BenQ W500 DLP Home Theater Projector Review – General Performance 4

BenQ W500 Projector Screen Recommendations

Hmmm! As usual, I viewed the W500 on multiple screens. Because I found the projector’s tendency to have a slightly darkish looking image (higher than 2.2 gamma), with normal settings, and the iris working hard in Auto mode, I did not find it to be great match with high contrast gray surface screens like my Stewart Firehawk. I enjoyed the image much better using my Carada Brilliant White screen (gain of about 1.3). I also tried the Elite HC Gray surface, which was a good compromise, as I consider it to be barely “high contrast” and it is a very light gray. Overall, though, I favored the Carada with the W500’s Auto Iris engaged. With Auto Iris off (iris open), the Elite became an excellent alternative, although it couldn’t get the black levels as good as the Carada produced, with the Auto Iris on.

Overall, I think this is a projector that works best with white surfaces, the exception might be for screen sizes no more than 100″ diagonal.

Red 48
Green 42
Blue 43
Red 50
Green 45
Blue 45

The W500 was easy to adjust the grayscale balance, and should be equally easy for those of you using a basic calibration disk. For my test unit, a I ended up with Brightness set to 51, and Contrast 54 (never was quite happy with the contrast setting, due to the loss of dark shadow detail, but more on that later). The default Color (saturation) is 60, and I found that to be a little over saturated, and for much of my viewing had it down around 52. Black levels were set to 7.5 IRE, which produced that loss of very dark shadow detail, but the 0.0 IRE setting seemed a bit to bright in dark areas, and letterboxes. Overall, the default Cinema preset was a little cool, with white measuring 7167K (6500K is ideal for movies). By using the color management, for a quick grayscale calibration, I adjusted the separate Red, Green, and Blue controls for both Gain and Offset, and ended up with these settings:

That yielded the following grayscale color temperatures:
I00 IRE (white) 6944K
80 IRE (light gray) 6907K
50 IRE (neutral gray) 6494K
30 IRE (dark gray) 6523K

Overall, that is still a bit cool, and further tweaking should get it closer to ideal, but these temperatures are close enough to be considered overall, to produce good colors. On the other hand, dark gray images still managed to have a slight redish cast to them, as noted in the Image Quality section, with the black and white image from Phantom of the Opera. Also from that disk, the very, very dark cavern scene also projects too much red, compared to most projectors. If you are using Eco-mode, as is common, the lamp temperature measures a bit cooler, so, at 100 IRE, before the adjustment, Eco-mode (Cinema) produced 7318K, about 150K cooler than full power. Auto Iris: I preferred the Auto Iris on, as it dramatically reduced black levels, but, as noted took its toll in shadow detail in very dark areas. The pairing with a white surface screen, rather than the Firehawk that I did most of my watching on, however produces a more enjoyable image to watch, although a loss of shadow detail is still evident.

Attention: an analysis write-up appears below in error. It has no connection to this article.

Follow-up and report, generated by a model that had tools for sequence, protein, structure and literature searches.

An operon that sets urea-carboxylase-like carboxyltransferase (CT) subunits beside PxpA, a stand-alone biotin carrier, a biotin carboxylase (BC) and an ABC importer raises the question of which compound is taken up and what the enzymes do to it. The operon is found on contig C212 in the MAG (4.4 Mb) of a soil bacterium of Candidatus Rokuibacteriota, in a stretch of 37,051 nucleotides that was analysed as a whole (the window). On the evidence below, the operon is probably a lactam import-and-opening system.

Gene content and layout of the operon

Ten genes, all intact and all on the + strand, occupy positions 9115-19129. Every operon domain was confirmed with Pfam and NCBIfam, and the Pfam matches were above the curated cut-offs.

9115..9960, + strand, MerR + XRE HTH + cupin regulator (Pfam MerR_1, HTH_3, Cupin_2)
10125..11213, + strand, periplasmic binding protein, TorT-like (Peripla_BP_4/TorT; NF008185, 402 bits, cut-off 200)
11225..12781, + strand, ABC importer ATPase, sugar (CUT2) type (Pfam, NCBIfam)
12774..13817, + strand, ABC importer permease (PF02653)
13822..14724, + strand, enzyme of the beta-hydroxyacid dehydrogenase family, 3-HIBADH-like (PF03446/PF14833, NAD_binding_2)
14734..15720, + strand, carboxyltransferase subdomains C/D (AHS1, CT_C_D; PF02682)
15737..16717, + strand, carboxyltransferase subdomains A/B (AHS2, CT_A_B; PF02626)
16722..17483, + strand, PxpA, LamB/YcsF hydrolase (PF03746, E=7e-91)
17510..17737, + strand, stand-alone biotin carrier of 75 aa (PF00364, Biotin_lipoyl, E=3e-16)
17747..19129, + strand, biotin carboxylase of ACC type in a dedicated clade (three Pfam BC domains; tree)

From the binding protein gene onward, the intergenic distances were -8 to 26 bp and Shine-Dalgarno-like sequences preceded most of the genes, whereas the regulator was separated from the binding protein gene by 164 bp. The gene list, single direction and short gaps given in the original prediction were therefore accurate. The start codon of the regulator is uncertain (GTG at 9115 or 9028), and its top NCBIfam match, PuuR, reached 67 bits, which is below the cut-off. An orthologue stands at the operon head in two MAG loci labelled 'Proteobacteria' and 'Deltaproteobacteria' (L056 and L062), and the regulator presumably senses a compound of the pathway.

BenQ W500 Image Noise

The W500 performed very well in terms of most types of image noise. This is not surprising since there is an HQV tie-in. The BenQ uses HQV (Hollywood Quality Video) image circuitry, and I have been using the HQV test disk for looking at noise, for well more than a year now.

I would give the BenQ W500 a slight advantage over the DLP competition, in terms of motion artifacts. Noise on still images, is very good, better than typically found on DLP projectors, but that is generally true of LCD projectors. In watching about 5 hours of HDTV, and a close to 15 hours of DVD (mostly Blu-ray, but some SD-DVD, and HD-DVD), nothing ever “jumped out at me” indicating a problem. If there was a flaw, it was occasionally a touch slow, in handing motion artifacts, but you aren’t likely to notice, unless looking for it.

Ok, time for a quick look at the Warranty, then the Summary section!

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